Converting canoe to rowing craft.

My canoe sits wasting away in the back yard since I got into kayak fishing. Its a fiberglas Mohawk 17 foot tandem. I never cared for fishing from it because even sitting in the bow seat when paddling solo, it rode too high in the front, too low in the rear, caught too much wind, and was a general pain in the rear. I have no desire to load up the 70 or so pounds of water or weights that may help that, though may do so when I start taking out my grandson next spring.

I’m now thinking about setting it up for rowing. Will I need to take out the center twhart? I’ve heard that Old Town makes a good set of oar locks for canoes, any other suggestions? Would love to install a sliding seat, but probably not in the budget, so plan on going with a regualar web strap seat. What’s the best placement for it? Even better, is there somewhere on the net that I can find good instructions for converting to rowing?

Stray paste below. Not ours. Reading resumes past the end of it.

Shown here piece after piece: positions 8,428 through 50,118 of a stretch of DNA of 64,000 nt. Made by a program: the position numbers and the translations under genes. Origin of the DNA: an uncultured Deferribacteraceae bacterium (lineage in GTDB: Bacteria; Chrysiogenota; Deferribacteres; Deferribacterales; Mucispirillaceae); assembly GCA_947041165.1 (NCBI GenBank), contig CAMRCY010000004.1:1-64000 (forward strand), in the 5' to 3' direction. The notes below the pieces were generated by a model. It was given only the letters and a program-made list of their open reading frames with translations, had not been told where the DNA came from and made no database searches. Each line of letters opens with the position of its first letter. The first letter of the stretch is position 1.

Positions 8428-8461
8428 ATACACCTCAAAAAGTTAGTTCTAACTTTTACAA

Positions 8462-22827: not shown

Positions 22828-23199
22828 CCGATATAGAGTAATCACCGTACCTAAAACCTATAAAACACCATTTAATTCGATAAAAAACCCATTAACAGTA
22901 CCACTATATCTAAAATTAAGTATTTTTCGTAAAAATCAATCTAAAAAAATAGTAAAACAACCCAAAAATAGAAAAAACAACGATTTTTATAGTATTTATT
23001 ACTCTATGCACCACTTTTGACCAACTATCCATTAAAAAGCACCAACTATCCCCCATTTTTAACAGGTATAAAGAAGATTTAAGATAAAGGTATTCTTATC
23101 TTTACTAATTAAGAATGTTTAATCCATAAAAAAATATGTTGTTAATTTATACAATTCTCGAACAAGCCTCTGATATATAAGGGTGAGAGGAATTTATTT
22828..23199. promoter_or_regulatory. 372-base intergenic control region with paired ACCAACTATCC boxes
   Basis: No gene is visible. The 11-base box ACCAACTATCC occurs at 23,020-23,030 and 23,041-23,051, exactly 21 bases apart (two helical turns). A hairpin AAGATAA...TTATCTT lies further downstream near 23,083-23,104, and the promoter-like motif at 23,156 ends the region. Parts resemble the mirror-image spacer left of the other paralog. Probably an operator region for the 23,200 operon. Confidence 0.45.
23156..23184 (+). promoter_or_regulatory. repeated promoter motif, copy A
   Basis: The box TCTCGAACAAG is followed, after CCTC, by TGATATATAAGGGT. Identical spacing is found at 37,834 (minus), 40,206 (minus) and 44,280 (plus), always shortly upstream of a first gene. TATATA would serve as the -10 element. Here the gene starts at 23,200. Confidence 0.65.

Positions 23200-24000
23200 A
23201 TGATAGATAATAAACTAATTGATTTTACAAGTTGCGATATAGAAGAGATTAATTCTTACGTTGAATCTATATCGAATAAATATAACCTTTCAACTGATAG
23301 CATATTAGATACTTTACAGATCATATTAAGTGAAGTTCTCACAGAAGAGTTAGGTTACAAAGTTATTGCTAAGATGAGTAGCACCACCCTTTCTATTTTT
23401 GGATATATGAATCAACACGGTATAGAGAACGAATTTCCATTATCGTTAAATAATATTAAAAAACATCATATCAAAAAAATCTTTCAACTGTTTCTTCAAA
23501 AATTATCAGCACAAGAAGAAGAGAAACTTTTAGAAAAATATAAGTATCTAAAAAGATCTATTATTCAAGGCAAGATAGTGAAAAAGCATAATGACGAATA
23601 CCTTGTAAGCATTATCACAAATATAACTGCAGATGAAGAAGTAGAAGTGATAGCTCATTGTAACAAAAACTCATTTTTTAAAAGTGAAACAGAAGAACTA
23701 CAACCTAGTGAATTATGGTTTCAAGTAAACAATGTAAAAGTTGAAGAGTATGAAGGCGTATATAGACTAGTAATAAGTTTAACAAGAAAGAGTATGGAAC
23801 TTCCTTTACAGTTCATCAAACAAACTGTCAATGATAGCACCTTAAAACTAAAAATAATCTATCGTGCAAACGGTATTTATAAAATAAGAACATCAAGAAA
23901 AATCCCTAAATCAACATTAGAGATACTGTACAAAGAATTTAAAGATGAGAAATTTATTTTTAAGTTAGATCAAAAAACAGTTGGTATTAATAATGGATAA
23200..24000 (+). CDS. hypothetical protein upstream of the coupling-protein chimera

If you something, let me know
I’m working out these issues through trial and error on a 16’ Scanoe. I could just put a trolling motor on it (and probably will for fishing from it). However, I want the rowing station for the same reason you do. I want to take my girls out, let them paddle the boat, and have a way to fix anything they do before it becomes a problem. The water I’ll be taking them onto doesn’t have anything over a class I, but still, it’s a Daddy’s (or Grand-daddy’s) perogative to be cautious.